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One is the Loneliest Number. If You’re a Cat.

Guest Blogger:
Kristen Levine

Kristen Levine

Kristen Levine is a pet living expert, author and pet rescue advocate. She firmly believes we need pets as much as they need us, and thus founded the Kristen Levine Pet Living blog, where she shows us how to live happier, healthier lives through pets. Kristen lives in Florida with her husband, dog (Chilly), two cats (Olivia and Turtle) and two miniature donkeys.

Cats crave companionship. But they’ll never admit it!

A nationwide “CAT-Panion Survey” conducted by Harris Interactive a few years back asked 174 veterinarians about the social inclinations of domestic cats. More than 80% of these vets agreed that cats are social by nature—not solitary.

They don’t like to be alone, rather they prefer the company of other cats. Moreover, most veterinarians believe social isolation could be a contributing factor in many behavior problems associated with feline companions.

Cats need stimulation throughout the day, just like humans. When left alone, they experience the same feelings of anxiety and depression lonely people do.

“Two cats are just as easy as one,” says Dr. Stefanie Schwartz, DVM, a leading veterinary behaviorist. “Not only will they keep each other company, but owning two cats will provide a happier living environment for both cats and their owner.”

Unfortunately, according to Dr. Schwartz, many cat caretakers are stumped as to how to correct unacceptable behaviors associated with loneliness or isolation. Too often, this leads to the surrender of their beloved pet. “It’s a sad cycle,” said Dr. Schwartz.

Perhaps the best result of the CAT-Panion Survey findings is it will serve to raise awareness about adopting shelter cats to build a multi-cat household. Multiple cat ownership is an effective way to address the overpopulation crisis—adopt a homeless cat, and simultaneously improve your lonely cat’s behavior.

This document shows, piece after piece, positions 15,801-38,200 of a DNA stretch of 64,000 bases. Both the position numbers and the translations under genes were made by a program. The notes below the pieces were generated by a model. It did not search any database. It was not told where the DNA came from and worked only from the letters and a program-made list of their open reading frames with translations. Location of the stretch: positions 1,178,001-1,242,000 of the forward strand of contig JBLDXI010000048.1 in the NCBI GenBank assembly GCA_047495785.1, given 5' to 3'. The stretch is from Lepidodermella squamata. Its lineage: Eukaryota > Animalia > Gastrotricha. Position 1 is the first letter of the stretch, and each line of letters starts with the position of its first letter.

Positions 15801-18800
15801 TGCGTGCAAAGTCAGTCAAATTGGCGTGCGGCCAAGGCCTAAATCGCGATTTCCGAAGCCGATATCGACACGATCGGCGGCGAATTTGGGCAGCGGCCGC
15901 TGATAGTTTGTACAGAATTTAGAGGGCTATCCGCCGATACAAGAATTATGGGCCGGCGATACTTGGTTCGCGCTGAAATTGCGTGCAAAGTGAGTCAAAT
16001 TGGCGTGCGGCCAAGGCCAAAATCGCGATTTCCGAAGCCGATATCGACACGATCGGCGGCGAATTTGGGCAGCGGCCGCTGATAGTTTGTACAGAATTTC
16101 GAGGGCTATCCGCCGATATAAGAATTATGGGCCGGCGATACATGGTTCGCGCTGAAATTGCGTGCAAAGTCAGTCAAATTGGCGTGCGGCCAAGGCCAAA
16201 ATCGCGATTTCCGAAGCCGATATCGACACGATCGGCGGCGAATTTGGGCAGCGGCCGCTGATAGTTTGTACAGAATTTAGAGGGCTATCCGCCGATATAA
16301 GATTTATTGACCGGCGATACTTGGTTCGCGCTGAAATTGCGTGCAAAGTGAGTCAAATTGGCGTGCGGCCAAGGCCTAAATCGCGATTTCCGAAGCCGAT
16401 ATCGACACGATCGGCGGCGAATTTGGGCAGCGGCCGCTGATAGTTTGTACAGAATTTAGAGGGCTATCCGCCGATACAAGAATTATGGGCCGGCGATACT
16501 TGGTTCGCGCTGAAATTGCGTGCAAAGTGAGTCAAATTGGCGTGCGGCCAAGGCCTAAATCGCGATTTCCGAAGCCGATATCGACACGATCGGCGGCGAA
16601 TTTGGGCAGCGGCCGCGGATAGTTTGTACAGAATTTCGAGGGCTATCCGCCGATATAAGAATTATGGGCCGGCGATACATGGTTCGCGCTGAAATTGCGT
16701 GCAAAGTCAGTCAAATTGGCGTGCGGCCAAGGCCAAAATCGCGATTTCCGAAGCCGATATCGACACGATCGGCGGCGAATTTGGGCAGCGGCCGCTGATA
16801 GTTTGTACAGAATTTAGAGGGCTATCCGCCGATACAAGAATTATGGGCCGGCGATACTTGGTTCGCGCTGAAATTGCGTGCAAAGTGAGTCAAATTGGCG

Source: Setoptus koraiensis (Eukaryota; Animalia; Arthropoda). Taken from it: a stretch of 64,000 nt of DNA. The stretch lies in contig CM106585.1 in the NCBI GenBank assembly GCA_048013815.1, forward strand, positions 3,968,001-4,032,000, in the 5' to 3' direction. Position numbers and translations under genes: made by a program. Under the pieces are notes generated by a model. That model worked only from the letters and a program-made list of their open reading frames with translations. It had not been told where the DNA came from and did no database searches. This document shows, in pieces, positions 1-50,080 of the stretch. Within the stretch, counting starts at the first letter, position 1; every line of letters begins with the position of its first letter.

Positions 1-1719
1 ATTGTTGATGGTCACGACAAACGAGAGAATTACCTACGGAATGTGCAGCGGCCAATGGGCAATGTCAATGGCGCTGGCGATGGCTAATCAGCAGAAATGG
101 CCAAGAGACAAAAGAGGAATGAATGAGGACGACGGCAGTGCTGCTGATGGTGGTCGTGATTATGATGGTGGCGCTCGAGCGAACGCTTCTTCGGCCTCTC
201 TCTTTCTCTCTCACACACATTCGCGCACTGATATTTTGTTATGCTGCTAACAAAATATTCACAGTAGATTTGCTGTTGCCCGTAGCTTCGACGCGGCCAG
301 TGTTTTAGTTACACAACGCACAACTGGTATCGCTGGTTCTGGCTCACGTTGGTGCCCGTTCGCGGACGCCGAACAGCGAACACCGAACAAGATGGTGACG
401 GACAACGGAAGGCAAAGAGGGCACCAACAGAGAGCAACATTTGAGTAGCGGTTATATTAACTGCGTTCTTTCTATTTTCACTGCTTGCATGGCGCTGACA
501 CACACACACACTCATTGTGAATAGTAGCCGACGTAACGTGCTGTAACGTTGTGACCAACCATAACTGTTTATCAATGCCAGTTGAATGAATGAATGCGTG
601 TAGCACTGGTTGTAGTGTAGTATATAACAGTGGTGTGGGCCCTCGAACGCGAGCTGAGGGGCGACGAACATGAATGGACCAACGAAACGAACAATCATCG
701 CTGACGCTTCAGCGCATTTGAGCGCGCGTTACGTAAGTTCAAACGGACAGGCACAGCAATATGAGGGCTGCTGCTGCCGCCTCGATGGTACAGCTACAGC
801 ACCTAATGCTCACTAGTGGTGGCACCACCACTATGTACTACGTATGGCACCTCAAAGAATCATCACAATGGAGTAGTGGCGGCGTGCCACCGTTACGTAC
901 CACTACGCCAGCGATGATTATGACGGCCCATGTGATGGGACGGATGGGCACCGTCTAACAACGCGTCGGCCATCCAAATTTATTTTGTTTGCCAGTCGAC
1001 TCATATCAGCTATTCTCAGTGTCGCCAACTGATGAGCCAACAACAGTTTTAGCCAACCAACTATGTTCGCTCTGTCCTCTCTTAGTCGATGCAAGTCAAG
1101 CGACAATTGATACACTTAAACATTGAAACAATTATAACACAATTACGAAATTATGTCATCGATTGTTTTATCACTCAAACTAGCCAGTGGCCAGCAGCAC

Tell-Tail Signs of a Lonely Cat

Cat owners should watch for these signs of loneliness in their felines:


Pulling hair or excessive cleaning may be a way of showing he needs more consistent attention. Your cat’s behavior may mimic obsessive-compulsive disorder in humans.

Spraying or Squatting

Strategic marking of urine or stool may be a sign of the impact your absence has on your cat’s sense of wellbeing.

Excessive Vocalization

Cats may express unhappiness with loud insistent vocal sounds.


Cats will move items out of frustration or an attempt to “stay busy” while you are away.

Aggressive Behavior

Your cat may act out aggressively towards you when you try to leave the house.


June is Adopt-a-Cat Month – the perfect time to add a cat to the household. By providing a companion to you and your cat at home you are also saving a life from the shelter. You can visit to aid in finding a cat or kitten that is near you at a local shelter.